Overcoming the hurdle of constraints in the government
The USPS does not rely on money from the Federal Government for its operations. Its revenue comes solely from its operations. However, it does have a federally mandated cap on its debt limit, which prevents the agency from taking on innovative projects. This leaves me with the following question:
What are some creative ways to initiate sustainable projects with a limited budget and restrictions on debt limits?
 USPS, “Size and Scope,” https://about.usps.com/who-we-are/postal-facts/size-scope.htm, accessed November 2017.
 “Postal Policy,” Title 39, U.S. Code, Sec. 101 (a), 2008 ed., https://www.gpo.gov/fdsys/granule/USCODE-2011-title39/USCODE-2011-title39-partI-chap1-sec101, accessed November 2017.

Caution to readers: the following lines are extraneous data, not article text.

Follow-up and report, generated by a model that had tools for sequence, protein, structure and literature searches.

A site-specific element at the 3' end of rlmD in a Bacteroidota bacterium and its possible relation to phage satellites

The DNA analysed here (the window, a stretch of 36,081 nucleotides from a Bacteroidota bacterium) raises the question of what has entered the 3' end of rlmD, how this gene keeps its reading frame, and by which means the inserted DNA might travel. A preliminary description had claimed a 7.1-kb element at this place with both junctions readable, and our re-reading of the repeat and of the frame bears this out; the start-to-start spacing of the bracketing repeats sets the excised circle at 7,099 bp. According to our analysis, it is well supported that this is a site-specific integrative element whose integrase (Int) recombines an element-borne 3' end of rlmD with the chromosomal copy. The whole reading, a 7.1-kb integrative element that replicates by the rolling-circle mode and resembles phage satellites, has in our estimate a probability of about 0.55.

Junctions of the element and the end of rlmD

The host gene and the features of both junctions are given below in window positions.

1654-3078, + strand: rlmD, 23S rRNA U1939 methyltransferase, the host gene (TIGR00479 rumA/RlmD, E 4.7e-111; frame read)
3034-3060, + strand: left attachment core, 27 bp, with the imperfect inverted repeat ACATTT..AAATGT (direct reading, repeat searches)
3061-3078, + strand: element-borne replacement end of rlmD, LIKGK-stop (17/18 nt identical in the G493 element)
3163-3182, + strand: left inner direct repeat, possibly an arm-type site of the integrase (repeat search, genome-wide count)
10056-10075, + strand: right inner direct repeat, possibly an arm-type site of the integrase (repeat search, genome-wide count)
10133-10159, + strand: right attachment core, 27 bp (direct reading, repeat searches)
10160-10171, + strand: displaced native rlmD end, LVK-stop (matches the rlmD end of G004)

United States Government Accountability Office, “Federal Supply Chains: Opportunities to Improve the Management of Climate-Related Risks,” Report to the Honorable Matthew Cartwright, House of Representatives, October 2015, http://www.gao.gov/assets/680/673300.pdf, accessed November 2017.
USPS, “USPS Climate Change Adaptation Plan,” p. 5, https://about.usps.com/what-we-are-doing/green/pdf/CCAP_FINAL_2014.pdf, accessed November 2017.
 Ibid., p. 5.
 USPS, “2016 Strategic Sustainability Performance Plan,” p.18, https://about.usps.com/what-we-are-doing/green/pdf/USPS-2016-Strategic-Sustainability-Performance-Plan.pdf. Accessed November 2017.
 Ibid., p.5.
 Ibid., p.14
 Ibid., p.5
 Ibid., p.28.
 Ibid., p.29.
 Ibid., p.30.
 “2017 Climate Leadership Award Winners,” press release, March 2017, on EPA website, https://www.epa.gov/climateleadership/2017-climate-leadership-award-winners#USPS, accessed November 2017.